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Streets, D.G., Z. Lu, L. Levin, A.F.H. ter Schure, and E.M. Sunderland.
Science of the Total Environment 615:131-140(2018)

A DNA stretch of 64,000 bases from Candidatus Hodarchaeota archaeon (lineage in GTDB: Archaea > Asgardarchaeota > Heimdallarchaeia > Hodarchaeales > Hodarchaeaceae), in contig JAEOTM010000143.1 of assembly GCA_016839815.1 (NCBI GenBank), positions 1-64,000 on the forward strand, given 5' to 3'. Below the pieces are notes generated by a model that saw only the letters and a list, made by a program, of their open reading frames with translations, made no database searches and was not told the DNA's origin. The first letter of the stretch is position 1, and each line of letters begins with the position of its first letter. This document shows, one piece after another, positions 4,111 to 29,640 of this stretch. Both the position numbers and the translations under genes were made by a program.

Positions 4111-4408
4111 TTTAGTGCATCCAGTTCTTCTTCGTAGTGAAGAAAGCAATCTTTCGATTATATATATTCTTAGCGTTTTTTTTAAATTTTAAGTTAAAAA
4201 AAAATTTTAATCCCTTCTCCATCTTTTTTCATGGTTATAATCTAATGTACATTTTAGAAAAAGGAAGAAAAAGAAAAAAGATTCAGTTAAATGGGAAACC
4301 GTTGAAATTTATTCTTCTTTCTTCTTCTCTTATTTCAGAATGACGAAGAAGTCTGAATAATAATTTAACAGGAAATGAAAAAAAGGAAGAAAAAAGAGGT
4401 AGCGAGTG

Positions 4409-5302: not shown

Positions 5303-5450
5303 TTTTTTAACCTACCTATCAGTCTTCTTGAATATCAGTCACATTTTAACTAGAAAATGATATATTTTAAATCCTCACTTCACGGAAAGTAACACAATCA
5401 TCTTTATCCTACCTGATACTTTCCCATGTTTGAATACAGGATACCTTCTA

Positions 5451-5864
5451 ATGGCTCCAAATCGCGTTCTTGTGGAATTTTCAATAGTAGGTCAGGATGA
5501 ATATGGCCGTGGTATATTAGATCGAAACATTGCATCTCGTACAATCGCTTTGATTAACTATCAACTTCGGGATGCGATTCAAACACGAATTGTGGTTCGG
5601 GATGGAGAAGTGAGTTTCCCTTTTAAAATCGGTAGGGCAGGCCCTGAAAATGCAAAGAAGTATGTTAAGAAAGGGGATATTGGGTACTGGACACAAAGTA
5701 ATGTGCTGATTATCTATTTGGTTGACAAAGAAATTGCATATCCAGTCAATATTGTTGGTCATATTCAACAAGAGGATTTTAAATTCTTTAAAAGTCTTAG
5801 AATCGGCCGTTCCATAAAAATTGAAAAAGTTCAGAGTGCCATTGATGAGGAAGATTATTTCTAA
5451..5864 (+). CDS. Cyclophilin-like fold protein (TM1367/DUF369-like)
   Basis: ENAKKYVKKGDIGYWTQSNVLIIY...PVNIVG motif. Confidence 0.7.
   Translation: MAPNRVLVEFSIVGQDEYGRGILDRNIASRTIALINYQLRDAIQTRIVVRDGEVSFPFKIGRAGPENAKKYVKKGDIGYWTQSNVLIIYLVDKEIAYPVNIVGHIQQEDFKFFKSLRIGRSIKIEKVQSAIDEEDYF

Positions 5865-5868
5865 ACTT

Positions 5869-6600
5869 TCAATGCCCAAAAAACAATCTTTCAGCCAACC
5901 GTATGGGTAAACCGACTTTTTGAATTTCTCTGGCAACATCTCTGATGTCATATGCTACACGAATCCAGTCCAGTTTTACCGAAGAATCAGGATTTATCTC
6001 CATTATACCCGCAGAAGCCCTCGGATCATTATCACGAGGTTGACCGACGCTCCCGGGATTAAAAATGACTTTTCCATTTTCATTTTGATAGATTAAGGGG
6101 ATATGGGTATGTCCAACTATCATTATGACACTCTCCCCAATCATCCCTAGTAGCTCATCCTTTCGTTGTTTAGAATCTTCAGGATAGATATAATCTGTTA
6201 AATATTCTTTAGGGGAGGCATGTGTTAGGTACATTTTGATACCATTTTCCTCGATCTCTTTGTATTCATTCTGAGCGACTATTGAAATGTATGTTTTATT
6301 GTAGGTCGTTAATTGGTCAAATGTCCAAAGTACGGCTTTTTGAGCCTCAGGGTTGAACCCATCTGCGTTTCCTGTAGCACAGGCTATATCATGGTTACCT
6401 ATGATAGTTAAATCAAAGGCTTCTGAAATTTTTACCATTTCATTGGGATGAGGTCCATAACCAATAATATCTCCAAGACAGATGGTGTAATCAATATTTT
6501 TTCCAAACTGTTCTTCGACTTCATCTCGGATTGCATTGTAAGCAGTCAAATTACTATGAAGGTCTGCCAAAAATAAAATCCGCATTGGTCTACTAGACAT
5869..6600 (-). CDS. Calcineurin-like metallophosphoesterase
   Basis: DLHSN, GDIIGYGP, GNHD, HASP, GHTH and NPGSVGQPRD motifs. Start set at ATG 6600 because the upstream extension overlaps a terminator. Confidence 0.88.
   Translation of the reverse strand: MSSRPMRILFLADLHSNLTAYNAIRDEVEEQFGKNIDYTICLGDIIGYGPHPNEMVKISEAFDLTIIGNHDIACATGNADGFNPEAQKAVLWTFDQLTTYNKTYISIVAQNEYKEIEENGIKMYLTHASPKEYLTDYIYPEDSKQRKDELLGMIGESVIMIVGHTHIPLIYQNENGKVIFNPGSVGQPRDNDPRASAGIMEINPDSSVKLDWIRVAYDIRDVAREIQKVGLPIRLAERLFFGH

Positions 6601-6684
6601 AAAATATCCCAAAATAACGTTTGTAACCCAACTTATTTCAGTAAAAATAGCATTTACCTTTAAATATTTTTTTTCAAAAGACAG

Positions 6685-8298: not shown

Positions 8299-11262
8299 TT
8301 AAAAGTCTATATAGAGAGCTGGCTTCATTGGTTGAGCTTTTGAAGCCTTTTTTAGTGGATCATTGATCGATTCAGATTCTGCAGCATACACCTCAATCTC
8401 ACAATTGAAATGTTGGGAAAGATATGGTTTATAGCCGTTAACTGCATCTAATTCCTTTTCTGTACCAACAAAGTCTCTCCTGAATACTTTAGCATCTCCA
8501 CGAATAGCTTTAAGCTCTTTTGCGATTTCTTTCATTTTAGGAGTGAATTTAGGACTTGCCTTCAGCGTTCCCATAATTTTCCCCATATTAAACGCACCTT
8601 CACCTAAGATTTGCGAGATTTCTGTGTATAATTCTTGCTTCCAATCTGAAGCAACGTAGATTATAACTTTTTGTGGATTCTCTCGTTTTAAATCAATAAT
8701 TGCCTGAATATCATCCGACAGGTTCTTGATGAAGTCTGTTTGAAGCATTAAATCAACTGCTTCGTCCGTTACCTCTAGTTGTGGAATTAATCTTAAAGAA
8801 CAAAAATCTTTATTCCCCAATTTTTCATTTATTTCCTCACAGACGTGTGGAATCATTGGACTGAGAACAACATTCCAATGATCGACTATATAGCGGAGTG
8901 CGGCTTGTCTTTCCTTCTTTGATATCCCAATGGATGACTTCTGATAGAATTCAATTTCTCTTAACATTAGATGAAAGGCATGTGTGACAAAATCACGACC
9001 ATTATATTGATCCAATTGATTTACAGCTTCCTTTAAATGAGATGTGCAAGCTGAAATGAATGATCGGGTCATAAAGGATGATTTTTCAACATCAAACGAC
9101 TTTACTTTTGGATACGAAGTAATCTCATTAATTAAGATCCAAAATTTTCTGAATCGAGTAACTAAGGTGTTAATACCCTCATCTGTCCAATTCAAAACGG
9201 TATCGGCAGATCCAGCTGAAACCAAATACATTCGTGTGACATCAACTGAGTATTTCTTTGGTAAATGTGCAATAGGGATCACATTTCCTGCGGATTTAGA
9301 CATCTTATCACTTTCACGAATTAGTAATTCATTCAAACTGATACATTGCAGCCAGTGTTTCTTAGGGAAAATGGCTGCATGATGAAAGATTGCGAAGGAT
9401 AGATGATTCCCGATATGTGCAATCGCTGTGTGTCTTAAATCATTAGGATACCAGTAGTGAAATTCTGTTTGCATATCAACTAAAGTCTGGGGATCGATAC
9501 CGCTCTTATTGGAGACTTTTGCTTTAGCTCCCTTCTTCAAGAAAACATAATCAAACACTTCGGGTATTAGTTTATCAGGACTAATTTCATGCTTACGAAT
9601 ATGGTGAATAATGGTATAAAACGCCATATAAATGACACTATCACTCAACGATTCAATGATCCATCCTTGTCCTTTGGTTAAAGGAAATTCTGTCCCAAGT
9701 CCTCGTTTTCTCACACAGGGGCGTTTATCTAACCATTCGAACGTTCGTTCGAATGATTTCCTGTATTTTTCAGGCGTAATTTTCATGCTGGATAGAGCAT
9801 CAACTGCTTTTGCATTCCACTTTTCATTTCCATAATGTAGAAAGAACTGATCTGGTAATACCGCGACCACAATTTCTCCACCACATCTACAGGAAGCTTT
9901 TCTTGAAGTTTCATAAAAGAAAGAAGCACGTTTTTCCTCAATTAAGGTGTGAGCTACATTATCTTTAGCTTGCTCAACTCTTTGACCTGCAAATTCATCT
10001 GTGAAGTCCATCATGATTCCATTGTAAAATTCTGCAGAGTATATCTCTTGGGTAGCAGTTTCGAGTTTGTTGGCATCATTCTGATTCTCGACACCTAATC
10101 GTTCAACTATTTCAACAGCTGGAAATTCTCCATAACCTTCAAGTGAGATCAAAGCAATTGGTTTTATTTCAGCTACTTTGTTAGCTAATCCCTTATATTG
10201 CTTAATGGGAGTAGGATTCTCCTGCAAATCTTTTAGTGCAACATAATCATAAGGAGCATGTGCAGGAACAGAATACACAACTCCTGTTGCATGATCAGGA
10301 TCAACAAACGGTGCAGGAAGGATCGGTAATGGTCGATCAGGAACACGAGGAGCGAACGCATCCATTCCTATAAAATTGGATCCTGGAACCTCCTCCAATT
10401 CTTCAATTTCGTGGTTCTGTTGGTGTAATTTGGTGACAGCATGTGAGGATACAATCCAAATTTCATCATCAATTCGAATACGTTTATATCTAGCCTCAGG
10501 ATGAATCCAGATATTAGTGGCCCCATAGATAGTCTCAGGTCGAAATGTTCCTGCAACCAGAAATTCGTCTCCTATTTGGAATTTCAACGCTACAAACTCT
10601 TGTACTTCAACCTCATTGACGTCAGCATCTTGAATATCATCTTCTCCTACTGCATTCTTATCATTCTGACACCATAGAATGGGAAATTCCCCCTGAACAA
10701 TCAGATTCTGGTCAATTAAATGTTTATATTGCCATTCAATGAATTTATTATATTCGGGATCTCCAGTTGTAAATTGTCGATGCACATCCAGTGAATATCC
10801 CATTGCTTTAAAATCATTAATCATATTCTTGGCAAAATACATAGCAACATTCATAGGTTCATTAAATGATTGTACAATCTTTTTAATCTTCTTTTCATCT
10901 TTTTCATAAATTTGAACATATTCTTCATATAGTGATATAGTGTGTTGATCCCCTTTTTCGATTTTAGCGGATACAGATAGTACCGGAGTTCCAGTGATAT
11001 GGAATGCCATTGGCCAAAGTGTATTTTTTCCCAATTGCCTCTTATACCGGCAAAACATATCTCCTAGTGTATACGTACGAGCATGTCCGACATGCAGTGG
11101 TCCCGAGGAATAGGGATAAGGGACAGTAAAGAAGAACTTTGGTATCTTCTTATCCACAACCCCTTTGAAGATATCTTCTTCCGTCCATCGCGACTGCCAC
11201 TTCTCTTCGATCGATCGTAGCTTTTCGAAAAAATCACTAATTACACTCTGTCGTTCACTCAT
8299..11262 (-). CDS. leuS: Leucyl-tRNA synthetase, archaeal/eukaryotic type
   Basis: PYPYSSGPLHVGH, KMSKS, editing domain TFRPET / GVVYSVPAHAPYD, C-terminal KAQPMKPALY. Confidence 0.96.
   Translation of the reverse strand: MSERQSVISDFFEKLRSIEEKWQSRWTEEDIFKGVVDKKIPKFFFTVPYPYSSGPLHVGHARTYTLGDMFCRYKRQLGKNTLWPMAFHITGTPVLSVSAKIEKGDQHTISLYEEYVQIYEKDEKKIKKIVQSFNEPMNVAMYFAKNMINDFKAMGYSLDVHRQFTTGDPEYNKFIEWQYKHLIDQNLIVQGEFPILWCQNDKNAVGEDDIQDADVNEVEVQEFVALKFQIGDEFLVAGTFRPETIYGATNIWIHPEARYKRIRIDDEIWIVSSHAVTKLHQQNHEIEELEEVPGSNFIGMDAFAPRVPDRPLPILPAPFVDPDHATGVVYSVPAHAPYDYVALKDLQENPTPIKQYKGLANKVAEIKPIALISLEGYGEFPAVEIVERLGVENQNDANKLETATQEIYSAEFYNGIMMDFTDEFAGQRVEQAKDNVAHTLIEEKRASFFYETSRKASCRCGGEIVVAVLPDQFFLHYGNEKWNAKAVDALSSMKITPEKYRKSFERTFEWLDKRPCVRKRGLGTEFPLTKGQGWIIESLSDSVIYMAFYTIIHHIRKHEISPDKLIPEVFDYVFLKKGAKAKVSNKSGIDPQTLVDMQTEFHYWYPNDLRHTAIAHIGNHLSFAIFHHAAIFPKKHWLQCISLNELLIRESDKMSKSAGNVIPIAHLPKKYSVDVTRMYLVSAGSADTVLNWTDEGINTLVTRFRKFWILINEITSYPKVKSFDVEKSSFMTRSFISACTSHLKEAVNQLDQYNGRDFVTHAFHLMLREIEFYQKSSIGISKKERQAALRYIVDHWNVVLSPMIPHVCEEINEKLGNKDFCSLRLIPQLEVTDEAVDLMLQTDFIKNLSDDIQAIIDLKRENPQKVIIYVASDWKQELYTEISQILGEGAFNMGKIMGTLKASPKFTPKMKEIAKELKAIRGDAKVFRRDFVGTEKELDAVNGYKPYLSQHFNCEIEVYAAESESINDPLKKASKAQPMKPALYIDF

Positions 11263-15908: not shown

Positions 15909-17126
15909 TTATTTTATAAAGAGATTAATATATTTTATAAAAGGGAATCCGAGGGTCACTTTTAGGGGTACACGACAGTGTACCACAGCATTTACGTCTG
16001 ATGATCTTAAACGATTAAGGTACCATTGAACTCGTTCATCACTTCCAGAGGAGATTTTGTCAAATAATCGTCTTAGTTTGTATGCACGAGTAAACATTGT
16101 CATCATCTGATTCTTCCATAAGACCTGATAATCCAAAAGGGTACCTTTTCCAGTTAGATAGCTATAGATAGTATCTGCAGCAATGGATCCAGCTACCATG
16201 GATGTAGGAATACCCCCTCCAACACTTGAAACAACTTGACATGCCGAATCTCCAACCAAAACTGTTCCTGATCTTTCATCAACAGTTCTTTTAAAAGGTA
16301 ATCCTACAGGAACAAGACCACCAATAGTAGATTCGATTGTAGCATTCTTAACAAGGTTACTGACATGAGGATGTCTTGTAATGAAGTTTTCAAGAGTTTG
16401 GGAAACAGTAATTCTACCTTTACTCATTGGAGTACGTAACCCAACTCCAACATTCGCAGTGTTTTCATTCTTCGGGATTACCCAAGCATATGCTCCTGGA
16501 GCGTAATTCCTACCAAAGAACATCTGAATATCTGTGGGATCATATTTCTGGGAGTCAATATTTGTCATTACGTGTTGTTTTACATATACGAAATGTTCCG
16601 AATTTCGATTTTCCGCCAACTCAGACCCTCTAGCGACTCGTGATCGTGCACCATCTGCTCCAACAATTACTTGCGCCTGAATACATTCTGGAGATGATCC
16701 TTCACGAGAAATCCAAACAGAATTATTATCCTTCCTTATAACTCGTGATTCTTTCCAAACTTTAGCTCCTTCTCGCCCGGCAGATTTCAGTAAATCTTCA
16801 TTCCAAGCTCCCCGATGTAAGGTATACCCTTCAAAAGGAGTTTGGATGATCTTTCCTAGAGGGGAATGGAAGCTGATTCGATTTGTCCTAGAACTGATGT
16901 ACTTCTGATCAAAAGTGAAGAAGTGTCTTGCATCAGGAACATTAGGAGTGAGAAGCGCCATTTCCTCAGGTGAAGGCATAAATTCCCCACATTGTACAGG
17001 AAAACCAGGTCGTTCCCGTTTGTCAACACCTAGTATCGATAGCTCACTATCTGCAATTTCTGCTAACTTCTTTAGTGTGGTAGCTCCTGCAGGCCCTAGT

Coal combustion is one of the largest contemporary sources of anthropogenic mercury (Hg). It releases geologically sequestered Hg to the atmosphere, and fly ash can contaminate terrestrial and aquatic systems. Coal combustion released an estimated cumulative total of 38.0 (14.8-98.9, 80% C.I.) Gg (gigagrams, 109 g or a thousand tonnes) of Hg to air, land, and water up to the year 2010, most of which (97%) occurred after 1850. The rate of release has grown by two orders of magnitude, from 0.01 Gg/yr in 1850 to 1 Gg/yr in 2010. Geographically, Asia and Europe each account for 32% of cumulative Hg releases and an additional 18% is from North America. About 26.3 (10.2-68.3) Gg or 71% of the total was emitted directly to the atmosphere, mostly from the industrial (45%) and power generation (36%) sectors, while the remainder was disposed of to land and water bodies. While Europe and North America were the major contributing regions until 1950, Asia has surpassed both in recent decades. By 2010, Asia was responsible for 69% of the total releases of Hg from coal combustion to the environment. Control technologies installed on major emitting sources capture mainly particulate and divalent Hg; hence, the fraction of elemental Hg in emissions from coal combustion has increased over time from 0.46 in 1850 to 0.61 in 2010. About 11.8 Gg of Hg or 31% of the total has been transferred to land and water bodies through disposal or utilization of Hg-containing combustion waste and collected fly ash/flue-gas desulfurization sludge; ~8.8 Gg of this Hg has simply been discarded to waste piles or ash ponds or rivers.

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